The goal of the Predicting Research Thrust was to develop meteorological algorithms that process the new and finer resolution data generated by DCAS networks and thus enable more accurate forecasts of weather events, meeting a wide range of end user needs.

The Predicting thrust developed new hazard-detection algorithms, data analysis and assimilation systems, and numerical forecast models that adapt dynamically and predict weather accurately several hours ahead of evolving storms. Our research allowed us to detect and predict (both statistically and dynamically) hazardous local weather on time scales ranging from a few minutes to several hours.  

Tornado Detection Algorithms
The ability of algorithms to accurately identify hazardous weather features in real-time is critical to developing a reliable and automated DCAS network. Unique to CASA is that the radars will capture very fine scale features that evolve rapidly in time. We have adapted various tornado and mesocyclone detection algorithms originally developed for NEXRAD radars to suit the characteristics of CASA radars. One of them is the automated tornado detection algorithm using a linear least squares derivative (LLSD) technique adapted for multiple Doppler radars within the Warning Decision Support System Integrated Information analysis and display framework. Further, we are developing techniques for identifying tornadoes using Doppler spectra wavelet analysis applied to Doppler moment data, and based on high-resolution assimilated, gridded data sets combining all available sources of observations. These new techniques hold the promise of more accurately locating tornadoes and distinguishing them from non-tornadic columnar vortices.

Data Assimilation and Prediction
One critical barrier preventing development of a rapid-response DCAS system is the current uncertainty associated with existing data assimilation techniques for rapidly-updating and streaming observations. Because Doppler radars observe only reflectivity, the radial component of velocity and its variance, inversion methods must be applied to retrieve unobserved quantities in a manner consistent with available observations and associated dynamic model constraints.

We have designed an ensemble Kalman filter (EnKF) framework for assimilating DCAS data into numerical forecast models, and with it are able to retrieve atmosphere variables not directly observed by radar. The EnKF system also produces dynamically consistent gridded analyses that are used in grid-based detection algorithms. The EnKF method is also ideally suited to handling streaming data such as that produced by the Oklahoma test bed radar system, and provides an ensemble of initial conditions that can be used to initialize probabilistic ensemble forecasts. In addition, the ensemble-based assimilation framework provides a basis for estimating the impact of various scanning configurations on the future forecast error variance which is a practical measure of forecast quality. This approach allows the optimal adaptive sampling for NWP to be determined.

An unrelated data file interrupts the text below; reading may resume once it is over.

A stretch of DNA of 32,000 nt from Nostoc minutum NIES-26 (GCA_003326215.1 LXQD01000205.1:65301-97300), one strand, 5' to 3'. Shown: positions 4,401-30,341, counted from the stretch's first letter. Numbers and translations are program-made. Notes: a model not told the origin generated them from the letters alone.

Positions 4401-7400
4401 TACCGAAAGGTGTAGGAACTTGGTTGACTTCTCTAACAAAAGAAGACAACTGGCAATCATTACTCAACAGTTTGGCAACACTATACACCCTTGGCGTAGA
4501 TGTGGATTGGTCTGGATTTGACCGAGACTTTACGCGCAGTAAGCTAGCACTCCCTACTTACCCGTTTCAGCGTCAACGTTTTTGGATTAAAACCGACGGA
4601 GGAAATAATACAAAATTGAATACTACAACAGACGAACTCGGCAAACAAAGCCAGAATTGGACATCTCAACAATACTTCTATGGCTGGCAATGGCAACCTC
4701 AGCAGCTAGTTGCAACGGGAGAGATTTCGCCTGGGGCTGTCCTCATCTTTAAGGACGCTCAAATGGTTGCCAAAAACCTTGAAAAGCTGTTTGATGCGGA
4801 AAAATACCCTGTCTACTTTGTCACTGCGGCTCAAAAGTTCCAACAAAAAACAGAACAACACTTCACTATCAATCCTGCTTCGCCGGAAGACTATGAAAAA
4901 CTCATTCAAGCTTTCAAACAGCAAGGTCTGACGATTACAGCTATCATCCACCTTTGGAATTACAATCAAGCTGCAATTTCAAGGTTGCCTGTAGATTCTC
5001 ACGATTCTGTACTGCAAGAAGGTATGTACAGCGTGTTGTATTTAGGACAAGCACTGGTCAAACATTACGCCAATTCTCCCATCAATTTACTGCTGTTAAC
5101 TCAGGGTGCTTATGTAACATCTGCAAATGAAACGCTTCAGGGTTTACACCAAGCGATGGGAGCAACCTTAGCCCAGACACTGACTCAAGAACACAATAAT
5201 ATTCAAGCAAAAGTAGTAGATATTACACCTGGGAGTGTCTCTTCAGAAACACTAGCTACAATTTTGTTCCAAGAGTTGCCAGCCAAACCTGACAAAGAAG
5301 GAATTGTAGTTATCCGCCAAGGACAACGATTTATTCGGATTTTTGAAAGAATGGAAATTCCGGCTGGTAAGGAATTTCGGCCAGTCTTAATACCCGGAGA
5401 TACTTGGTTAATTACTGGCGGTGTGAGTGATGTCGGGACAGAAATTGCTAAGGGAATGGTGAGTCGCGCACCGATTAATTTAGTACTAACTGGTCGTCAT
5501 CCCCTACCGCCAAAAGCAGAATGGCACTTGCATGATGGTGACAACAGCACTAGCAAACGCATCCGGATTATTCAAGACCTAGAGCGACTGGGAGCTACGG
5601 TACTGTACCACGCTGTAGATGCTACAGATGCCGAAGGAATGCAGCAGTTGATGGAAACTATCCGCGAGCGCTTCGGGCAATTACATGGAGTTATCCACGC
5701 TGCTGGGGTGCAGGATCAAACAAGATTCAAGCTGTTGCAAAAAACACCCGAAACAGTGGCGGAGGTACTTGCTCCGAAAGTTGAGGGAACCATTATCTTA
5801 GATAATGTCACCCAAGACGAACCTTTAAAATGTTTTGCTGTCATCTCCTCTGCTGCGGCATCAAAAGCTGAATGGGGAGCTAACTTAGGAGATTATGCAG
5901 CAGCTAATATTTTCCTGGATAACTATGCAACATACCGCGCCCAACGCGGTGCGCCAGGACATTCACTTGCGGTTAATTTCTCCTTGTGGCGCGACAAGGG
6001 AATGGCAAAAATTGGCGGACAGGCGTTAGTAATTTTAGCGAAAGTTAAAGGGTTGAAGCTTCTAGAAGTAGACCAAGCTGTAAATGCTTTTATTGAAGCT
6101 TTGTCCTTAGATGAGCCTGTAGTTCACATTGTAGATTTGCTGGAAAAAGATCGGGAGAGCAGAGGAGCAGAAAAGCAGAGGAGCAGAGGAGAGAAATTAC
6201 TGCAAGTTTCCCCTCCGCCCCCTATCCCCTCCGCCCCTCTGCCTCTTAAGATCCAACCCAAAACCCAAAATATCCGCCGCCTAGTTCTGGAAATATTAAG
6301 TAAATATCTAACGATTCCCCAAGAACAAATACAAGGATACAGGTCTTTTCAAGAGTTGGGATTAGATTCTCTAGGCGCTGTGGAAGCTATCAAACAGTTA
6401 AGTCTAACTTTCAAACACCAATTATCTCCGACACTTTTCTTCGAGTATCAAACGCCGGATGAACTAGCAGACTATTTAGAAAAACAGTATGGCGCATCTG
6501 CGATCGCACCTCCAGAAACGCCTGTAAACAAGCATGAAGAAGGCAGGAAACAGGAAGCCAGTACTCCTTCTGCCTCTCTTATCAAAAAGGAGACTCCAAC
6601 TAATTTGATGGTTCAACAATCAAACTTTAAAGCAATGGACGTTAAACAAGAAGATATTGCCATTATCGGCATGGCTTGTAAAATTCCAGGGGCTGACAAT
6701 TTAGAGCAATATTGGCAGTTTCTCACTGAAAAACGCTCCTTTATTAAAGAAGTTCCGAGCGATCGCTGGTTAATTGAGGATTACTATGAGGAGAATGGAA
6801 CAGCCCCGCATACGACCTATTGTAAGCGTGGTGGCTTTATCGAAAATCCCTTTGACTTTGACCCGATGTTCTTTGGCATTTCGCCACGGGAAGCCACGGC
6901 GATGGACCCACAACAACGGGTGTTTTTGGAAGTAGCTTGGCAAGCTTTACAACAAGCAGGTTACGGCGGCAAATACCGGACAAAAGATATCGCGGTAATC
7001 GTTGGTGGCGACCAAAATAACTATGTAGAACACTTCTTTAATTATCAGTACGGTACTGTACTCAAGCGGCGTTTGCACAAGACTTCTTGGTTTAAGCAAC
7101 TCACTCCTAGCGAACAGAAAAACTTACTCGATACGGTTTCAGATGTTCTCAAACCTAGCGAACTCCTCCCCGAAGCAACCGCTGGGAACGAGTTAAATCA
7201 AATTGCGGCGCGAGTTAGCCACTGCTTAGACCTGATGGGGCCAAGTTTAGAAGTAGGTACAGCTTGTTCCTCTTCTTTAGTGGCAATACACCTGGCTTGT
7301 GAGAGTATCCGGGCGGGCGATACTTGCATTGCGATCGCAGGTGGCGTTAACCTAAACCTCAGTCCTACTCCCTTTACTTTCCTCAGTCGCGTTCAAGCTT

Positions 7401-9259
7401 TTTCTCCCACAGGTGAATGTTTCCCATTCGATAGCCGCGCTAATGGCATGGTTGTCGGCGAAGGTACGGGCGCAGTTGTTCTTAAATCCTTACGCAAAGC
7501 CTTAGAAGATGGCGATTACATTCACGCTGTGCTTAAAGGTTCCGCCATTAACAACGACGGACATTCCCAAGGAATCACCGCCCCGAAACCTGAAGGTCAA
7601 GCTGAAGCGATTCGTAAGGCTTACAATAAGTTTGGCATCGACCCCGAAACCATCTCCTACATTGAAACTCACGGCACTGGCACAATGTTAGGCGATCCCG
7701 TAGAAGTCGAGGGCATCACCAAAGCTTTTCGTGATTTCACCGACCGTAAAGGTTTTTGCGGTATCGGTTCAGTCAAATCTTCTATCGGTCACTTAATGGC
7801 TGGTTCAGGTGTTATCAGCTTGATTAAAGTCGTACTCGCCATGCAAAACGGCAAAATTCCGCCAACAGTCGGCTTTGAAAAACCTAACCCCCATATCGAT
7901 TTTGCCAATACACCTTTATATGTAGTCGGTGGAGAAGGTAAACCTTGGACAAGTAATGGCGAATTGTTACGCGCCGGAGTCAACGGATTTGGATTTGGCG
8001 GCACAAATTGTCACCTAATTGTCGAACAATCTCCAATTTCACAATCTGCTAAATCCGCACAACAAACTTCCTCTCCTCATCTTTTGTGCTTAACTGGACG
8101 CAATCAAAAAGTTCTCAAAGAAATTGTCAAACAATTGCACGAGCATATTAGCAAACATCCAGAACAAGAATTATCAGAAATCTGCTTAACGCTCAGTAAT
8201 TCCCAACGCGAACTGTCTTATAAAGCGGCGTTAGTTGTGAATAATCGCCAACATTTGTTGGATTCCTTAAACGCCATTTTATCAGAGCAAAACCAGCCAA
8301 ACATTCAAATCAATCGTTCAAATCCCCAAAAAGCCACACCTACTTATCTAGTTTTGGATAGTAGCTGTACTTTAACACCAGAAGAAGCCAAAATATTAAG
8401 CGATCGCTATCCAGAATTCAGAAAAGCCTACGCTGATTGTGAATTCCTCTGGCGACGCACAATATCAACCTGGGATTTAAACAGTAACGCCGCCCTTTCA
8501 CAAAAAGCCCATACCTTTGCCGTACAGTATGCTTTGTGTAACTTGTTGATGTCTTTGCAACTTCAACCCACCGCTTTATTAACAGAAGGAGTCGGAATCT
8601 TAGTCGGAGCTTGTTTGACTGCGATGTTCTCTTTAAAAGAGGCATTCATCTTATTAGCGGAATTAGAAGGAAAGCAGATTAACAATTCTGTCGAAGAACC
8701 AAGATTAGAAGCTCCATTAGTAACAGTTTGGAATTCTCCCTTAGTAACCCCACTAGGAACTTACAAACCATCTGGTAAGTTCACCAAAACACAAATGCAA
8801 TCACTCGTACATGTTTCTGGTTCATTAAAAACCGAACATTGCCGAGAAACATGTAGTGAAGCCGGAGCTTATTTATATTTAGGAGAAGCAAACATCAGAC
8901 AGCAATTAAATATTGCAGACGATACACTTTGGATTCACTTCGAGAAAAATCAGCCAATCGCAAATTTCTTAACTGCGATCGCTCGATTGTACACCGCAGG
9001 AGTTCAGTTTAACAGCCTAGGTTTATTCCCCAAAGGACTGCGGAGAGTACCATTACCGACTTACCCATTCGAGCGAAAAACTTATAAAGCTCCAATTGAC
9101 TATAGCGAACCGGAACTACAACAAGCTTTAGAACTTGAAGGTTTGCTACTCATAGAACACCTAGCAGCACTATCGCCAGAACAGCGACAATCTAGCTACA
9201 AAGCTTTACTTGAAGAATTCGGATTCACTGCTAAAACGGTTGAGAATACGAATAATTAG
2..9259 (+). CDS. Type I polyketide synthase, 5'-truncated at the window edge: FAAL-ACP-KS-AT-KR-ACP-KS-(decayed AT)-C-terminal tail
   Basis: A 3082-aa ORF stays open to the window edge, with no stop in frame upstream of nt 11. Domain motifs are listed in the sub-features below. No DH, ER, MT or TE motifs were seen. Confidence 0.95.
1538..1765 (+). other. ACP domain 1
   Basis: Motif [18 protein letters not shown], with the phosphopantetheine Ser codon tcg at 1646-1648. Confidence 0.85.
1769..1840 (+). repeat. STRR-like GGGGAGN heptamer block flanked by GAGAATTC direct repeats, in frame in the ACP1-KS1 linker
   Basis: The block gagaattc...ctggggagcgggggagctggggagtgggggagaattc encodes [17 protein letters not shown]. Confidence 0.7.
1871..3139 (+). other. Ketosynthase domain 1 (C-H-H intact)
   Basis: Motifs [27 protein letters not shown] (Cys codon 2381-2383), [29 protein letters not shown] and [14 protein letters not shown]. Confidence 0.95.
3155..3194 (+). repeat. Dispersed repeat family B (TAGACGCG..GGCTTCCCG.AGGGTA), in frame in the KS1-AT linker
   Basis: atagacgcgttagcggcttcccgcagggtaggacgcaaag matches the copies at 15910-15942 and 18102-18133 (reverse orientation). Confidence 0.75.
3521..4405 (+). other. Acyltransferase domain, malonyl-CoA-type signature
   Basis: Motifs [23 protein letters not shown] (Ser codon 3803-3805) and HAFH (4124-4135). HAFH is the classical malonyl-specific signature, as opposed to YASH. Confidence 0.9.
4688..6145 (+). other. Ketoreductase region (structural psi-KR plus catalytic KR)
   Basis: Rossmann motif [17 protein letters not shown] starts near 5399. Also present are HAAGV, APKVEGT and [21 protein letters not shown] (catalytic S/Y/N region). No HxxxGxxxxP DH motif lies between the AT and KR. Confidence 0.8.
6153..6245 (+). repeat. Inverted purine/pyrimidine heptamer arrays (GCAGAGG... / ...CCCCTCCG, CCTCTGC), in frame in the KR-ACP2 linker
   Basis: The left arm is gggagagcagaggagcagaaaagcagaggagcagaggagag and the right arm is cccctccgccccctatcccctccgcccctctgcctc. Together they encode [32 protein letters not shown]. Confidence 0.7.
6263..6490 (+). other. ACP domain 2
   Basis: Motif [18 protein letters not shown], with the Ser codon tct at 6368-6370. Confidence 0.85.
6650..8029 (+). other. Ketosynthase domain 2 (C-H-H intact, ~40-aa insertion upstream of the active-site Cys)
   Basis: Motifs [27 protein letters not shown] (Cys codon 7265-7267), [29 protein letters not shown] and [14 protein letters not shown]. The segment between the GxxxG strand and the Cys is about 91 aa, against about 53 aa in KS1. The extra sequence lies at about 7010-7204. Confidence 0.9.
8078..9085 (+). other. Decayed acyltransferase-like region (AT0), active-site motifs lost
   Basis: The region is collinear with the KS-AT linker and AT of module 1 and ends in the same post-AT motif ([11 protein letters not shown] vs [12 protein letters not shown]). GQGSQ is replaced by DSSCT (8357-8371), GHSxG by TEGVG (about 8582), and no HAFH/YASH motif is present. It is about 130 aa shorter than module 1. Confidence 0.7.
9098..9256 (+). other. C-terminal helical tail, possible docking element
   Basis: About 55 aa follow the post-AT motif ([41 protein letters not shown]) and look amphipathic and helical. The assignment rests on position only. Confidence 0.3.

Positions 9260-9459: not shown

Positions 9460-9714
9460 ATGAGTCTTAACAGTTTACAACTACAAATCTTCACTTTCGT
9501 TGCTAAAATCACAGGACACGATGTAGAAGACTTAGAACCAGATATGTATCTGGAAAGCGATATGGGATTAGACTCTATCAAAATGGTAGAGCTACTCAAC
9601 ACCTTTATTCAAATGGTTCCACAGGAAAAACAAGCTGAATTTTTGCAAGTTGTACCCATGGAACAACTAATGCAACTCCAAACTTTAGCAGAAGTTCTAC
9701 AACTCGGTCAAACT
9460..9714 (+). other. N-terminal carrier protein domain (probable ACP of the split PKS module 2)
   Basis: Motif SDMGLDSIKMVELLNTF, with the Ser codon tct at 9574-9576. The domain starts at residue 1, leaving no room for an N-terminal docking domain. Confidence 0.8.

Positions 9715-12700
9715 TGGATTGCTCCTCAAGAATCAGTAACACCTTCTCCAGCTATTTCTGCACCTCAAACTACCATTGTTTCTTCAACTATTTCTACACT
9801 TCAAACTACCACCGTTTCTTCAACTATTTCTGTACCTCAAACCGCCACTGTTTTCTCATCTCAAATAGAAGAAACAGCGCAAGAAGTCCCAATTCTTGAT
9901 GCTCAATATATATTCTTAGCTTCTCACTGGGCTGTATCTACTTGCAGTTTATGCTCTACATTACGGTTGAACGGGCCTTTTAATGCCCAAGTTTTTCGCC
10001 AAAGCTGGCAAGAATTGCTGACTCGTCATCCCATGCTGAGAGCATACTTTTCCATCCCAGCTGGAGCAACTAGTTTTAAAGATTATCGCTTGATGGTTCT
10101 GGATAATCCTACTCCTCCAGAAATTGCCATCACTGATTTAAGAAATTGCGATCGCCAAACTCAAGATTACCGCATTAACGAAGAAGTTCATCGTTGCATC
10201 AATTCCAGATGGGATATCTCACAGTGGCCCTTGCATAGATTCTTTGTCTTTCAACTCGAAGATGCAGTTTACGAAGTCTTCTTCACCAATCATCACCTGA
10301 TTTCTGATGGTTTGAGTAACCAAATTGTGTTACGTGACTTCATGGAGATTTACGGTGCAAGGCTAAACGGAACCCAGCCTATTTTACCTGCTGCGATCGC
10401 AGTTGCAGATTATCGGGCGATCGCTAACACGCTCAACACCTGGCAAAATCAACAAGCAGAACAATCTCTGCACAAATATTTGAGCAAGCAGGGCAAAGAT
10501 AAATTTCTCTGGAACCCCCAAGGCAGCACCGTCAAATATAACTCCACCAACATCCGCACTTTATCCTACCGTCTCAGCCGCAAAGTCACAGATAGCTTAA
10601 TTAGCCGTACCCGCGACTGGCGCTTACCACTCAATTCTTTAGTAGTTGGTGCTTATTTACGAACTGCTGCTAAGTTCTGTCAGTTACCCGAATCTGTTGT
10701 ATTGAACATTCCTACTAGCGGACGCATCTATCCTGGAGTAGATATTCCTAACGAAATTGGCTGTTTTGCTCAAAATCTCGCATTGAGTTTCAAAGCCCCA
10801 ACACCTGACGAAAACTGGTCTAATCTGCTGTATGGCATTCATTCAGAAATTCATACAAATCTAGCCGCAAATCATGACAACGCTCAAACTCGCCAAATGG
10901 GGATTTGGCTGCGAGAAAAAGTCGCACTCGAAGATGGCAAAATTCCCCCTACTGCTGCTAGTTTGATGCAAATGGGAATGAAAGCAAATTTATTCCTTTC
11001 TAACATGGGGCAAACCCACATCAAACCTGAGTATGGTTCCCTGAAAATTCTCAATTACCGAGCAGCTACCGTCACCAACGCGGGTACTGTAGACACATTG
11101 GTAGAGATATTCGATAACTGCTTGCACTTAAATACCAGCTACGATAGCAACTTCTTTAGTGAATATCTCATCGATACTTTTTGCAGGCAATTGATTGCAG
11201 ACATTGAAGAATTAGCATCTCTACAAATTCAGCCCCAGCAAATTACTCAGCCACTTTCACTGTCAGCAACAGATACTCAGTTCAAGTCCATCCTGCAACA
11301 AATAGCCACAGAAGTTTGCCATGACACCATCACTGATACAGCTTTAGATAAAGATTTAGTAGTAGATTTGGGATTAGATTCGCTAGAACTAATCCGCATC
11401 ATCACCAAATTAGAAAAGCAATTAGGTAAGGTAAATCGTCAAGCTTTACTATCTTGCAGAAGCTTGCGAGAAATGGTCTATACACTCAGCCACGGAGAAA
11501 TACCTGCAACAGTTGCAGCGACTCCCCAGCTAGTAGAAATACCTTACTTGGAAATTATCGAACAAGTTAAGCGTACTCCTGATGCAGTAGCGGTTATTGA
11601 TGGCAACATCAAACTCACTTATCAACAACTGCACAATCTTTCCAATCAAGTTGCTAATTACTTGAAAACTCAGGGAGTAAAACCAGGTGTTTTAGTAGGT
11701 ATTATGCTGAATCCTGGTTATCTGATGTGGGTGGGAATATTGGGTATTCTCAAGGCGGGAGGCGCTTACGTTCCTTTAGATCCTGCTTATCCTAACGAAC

Adaptive Sampling Strategies
As CASA shifts towards using solid state radars, strategies for optimally sampling the atmosphere when beam scanning times are not limited by antenna inertia become increasingly important. Several research projects explored sampling techniques that optimize information content while minimizing the use of available resources to fulfill competing end user needs and system constraints. Utilizing a variety of analytic flow fields, including solutions to the nonlinear Navier-Stokes equations, we have determined the optimal time resolution needed for dual-Doppler analysis of tornadic vortices under a variety of physical circumstances. The minimum acceptable sampling rates depend, nonlinearly, upon vortex size and pattern translation speed. Azimuthal over-sampling is found to greatly improve the quality of the retrieved wind field in the context of variational analysis. We used the Shannon information content as a metric for designing sampling strategies that extract the maximum amount of relevant information from the atmosphere while minimizing the use of available resources.


Dynamics of Tornadogenesis
We completed the world's highest resolution simulation of a tornado and its parent supercell storm. Output from this experiment was used to test our detection algorithms, adaptive sampling strategies, and emulator and data assimilation activities described above. Further, this simulation has been combined with other simulations to study tornadogenesis in an attempt to identify those features and processes - and their physical linkages and spatio-temporal relationships - that can be used in developing tornado anticipation algorithms. A systematic study has also been performed that demonstrates a tremendous sensitivity of tornadogenesis to the often arbitrarily assumed drop-size distribution (DSD) parameters in the model microphysics, pointing to the need for improving model microphysics. This problem is closely linked to the assimilation of radar reflectivity and other dual-polarization parameters, to attenuation correction, and to QPF and QPE. Several advanced microphysics schemes, including one that predicts three moments of the DSDs, are being implemented in the ARPS, for use by various CASA applications. Read the article or view the Supercell Thunderstorm Simulation. (This file is very large and will take several minutes to open.)


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